Dear Baby Girl,

There are a lot of mommyblogs out there where mothers write to their children. I have always thought this was a great idea. I love the image of you coming upon this blog and reading my thoughts about you. Words, sentences, ideas, language. Communication. These are extremely important concepts.  I suspect you’ll find these letters in the next year or so, because I have a weird feeling you’ll learn how to navigate the internet and read very quickly. Your parents are geniuses, you know.

You are at 34 weeks gestation. That’s something like T minus six weeks before your arrival. Last night after Sunday dinner at your grandparents’ I was feeling really full. So full that I turned down dessert. And I don’t really turn down dessert, even if it’s just a sliver of what’s offered. And Baby Girl, dessert last night was strawberry shortcake. You’ve had it before, and I’m sure you like it. But for some reason if I overeat my back aches and I can’t get comfortable and I have to stretch and breathe, though some relief does come when I fart. Sorry if that’s crude, but you try make more space for yourself, and who am I to get in your way?

Which leads to repeating the point that I turned down dessert. There just wasn’t any room for more food. And because I turned down dessert, it means that you’re grounded. Of course it’s not your fault: you’re a growing baby and I’m short with a narrow ribcage and discomfort is inevitable. But look here at the difference of my insides with you in it: Can you begin to understand?How can you possibly be aware of what’s going on inside my body? And it’s not your problem, really. As long as you’re cozy and eating and growing, you know I don’t have any beef with you. You know that I love you anyway. As long as there’s yoga and warm baths and massages, I’ll be fine.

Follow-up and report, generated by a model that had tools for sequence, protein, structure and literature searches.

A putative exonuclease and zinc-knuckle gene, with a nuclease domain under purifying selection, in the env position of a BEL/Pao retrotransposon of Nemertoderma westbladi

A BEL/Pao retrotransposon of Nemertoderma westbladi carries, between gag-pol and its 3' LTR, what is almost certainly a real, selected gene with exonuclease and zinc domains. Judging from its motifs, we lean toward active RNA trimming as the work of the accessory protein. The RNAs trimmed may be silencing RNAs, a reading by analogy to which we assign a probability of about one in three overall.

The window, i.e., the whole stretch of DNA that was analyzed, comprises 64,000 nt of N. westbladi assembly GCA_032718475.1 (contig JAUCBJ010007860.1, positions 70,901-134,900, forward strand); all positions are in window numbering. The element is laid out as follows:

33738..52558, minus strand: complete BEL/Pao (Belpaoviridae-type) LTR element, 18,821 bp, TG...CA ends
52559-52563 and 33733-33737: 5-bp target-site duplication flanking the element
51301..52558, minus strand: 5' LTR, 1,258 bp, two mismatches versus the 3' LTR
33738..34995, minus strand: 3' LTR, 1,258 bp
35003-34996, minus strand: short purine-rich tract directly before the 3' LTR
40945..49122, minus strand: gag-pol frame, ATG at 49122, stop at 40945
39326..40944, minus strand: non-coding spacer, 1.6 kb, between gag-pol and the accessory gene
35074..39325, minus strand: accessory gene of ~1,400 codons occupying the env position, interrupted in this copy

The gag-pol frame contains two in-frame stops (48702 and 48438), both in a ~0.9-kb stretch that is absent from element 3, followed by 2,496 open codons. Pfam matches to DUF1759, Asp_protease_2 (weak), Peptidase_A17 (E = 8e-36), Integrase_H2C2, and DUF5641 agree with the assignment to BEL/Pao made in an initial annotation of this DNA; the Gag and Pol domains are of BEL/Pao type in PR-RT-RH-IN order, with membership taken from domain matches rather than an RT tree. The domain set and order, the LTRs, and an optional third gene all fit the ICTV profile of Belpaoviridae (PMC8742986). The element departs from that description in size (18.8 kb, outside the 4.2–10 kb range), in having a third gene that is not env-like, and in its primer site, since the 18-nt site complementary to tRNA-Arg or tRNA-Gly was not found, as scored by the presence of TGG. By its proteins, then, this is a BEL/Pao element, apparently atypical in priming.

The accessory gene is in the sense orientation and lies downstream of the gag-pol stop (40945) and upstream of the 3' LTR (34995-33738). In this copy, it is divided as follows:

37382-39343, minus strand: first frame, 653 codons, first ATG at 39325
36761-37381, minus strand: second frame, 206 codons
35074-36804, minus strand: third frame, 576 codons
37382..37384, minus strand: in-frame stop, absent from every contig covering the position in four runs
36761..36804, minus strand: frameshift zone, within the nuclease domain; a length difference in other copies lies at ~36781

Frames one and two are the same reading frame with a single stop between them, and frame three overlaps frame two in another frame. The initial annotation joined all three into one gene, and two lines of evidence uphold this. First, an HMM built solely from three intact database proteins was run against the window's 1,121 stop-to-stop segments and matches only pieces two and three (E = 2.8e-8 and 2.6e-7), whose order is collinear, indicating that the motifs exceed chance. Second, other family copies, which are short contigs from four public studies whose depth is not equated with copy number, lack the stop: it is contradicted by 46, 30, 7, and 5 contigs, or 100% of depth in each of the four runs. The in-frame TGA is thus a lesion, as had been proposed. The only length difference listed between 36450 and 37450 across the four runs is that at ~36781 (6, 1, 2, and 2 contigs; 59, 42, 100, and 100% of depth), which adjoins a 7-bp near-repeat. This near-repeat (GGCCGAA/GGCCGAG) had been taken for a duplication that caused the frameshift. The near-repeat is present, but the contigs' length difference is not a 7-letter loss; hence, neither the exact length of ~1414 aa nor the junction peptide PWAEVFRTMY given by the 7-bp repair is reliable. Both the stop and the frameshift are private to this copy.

You know what though? You and I need to talk about you letting me sleep. When I get a good night’s rest, I feel refreshed for most of the day. But when I get very lousy sleep, my back stays cramped and my brain stays fuzzy. Again, not really your fault — just the way things are. And not for too much longer. But you know, on those nights when I wake up after sleeping for four hours, I can work on homework because the night is still and I can somewhat focus, so maybe I should thank you for helping me along in my masters program.

I may unground you today after seeing the doctor. Depends on how I feel.

Have I mentioned how much I’m in love with you? I love the way you move around and feel your way inside my womb. We are becoming very familiar with each other and getting a sense of each other’s personalities. I like to guess what certain protrusions are from my tummy are and imagine how you’re oriented. Your father and I watch my tummy as you shift around. He always assumes any hard surface is your head, while I go between thinking it might be a sitbone or a foot. Yesterday at church I wore a dress that accentuated my tummy and we spent Sunday school watching you. The lesson was about the Abrahamic covenant and we didn’t think it would be a huge distraction to contemplate our posterity by watching you. It’s one of our favorite things to do, besides reading stories and singing to you.